Potential Warning Signs Flash In Volatility Gains, Bond Yields
Volatility gains were tracked across a number of asset classes during several days of choppy trading last week. Last week marked the first time in a month that the S&P 500 (SPX) closed below its 50-day moving average, twice poking below the closely watched support line of 2100. Still, SPX remained between the 2080-2130 range that has held for a month.
Although no volatility gains are off the charts, these moves do materialize as the stock market enters the seasonally slow summer doldrums. Why are volatility gains picking up now? Is the options market sending out a warning flare?
Let’s start with the big dog: the CBOE Volatility Index (VIX). It’s sometimes called the market’s “fear gauge” because it tracks the expected volatility priced into short-term S&P 500 (SPX) options. When stocks stumble, the uptick in volatility and the demand for index put options tends to drive up the price of options premiums and sends VIX north (figure 1).
Last week’s move was relatively modest—the VIX rose just 3%. However, the index is now up nearly 18% since falling to 2015 lows just two weeks ago. Heading into VIX expiration, many traders continue to watch the 20 level based on aggressive buying of the June 18 and 20 calls, a play most are taking in anticipation of a higher volatility.
And, the VIX isn’t alone. The table below shows a number of other indexes that measure volatility in gold, small-caps, the euro, and more. Most moved higher last week.
Bond Market’s Influence
Another volatility measure of particular interest is the CBOE/CBOT 10-year U.S. Treasury Note Volatility Index (TYVIX). It’s a relatively new index created by the Chicago Board Options Exchange to measure the expected volatility priced into 10-year Treasury notes. TYVIX was up 5% last week.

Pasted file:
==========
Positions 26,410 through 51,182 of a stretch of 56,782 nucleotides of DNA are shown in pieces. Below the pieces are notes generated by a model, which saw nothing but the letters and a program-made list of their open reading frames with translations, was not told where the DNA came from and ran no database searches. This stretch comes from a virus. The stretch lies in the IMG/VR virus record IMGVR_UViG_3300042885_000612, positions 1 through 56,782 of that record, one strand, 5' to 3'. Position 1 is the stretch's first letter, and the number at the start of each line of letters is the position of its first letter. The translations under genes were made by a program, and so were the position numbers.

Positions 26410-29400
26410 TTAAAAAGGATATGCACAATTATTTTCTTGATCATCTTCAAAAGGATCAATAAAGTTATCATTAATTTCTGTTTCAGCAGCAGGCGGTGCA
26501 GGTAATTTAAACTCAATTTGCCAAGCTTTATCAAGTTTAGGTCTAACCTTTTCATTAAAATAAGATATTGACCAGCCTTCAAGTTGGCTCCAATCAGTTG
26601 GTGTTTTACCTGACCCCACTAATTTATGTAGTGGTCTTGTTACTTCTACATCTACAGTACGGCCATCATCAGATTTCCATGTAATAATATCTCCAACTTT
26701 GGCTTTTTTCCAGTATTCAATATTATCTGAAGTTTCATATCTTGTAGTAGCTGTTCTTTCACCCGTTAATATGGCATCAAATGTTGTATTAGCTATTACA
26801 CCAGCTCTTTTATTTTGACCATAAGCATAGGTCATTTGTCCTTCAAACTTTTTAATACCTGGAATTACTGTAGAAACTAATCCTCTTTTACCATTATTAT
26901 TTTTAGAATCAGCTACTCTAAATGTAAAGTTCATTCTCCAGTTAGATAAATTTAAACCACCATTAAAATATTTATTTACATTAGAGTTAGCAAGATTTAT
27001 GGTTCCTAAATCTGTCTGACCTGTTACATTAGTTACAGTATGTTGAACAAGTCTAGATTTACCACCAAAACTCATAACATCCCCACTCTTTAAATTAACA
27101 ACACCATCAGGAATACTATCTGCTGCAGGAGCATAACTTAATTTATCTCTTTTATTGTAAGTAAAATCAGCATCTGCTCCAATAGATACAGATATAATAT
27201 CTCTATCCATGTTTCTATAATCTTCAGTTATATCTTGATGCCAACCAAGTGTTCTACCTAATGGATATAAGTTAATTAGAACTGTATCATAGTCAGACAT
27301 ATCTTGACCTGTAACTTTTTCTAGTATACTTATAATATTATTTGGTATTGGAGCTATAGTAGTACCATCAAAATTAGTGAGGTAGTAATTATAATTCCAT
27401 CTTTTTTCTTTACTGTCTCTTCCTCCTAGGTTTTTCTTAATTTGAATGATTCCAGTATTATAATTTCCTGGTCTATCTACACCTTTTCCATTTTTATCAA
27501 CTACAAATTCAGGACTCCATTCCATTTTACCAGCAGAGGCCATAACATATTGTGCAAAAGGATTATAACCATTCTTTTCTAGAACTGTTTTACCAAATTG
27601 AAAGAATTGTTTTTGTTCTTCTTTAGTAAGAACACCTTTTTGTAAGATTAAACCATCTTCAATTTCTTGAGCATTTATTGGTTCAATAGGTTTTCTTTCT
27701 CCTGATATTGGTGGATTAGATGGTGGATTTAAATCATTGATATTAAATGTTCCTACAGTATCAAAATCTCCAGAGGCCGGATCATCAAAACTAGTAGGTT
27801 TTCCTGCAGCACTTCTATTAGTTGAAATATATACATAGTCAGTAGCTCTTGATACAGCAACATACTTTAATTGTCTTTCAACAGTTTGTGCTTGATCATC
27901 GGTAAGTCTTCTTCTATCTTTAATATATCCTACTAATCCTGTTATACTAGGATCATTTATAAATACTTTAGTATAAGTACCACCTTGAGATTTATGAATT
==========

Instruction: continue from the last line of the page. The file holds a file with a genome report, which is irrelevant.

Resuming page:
The 10-year note’s yield is a closely watched indicator for interest rate expectations, and it’s been on the stock market’s radar increasingly as investors count down to the Federal Reserve’s first expected interest rate hike in years. Fed funds futures contracts show that participants have priced in a 56% probability that the Fed hikes rates beginning in September.
In anticipation of the Fed changing rates this year, Treasury instruments have had rough going over the past few trading days as stronger-than-expected job market statistics and other data sent prices skidding. The yield on the benchmark 10-year note topped 2.4% for the first time in 2015. That’s a far cry from the late-January lows of 1.65%.
Recall that sudden moves in bond yields, in the current climate, rising bond yields, can sometimes drive choppy trading in the equities market, especially in interest-sensitive sectors often sought out for their dividends. We’re talking about some utilities, consumer staples, and health care names.
On The Docket
Bond yield fluctuations are likely to keep traders on their toes into retail sales and inflation data due out later in the week (see figure 2 for the complete economic indicator schedule). Industry economists think retail sales could accelerate in this report based on solid auto sales figures and the impressive May jobs report that included a pick-up in wages.
Earnings releases have lightened until Q2 results flood the market beginning in mid-July. But a few names to watch this week include home builder Hovnanian (NYSE: HOV) and athletic apparel company Lululemon (NASDAQ: LULU), both reporting on Tuesday. Krispy Kreme (NYSE: KKD) and Men’s Wearhouse (NYSE: MW) are among a very small handful of names scheduled for reports midweek.
Of course, headlines from overseas continue to drive trading at home and abroad. Greece uncertainty had been a leading factor hanging over U.S. stock indexes in recent sessions. But a temporary fix appears to have calmed nerves for now. Greece’s June 5 scheduled debt payment to the International Monetary Fund was postponed and bundled with other debt due on June 19. In addition, China’s Shanghai Composite continues to see wild moves from one day to the next.
All of these developments near and far could add to the volatility creeping up in rising bond yields. Needless to say, stock traders are increasingly de facto bond traders. And that’s not likely to change anytime soon.
This piece was originally posted here by JJ Kinahan on June 8, 2015.
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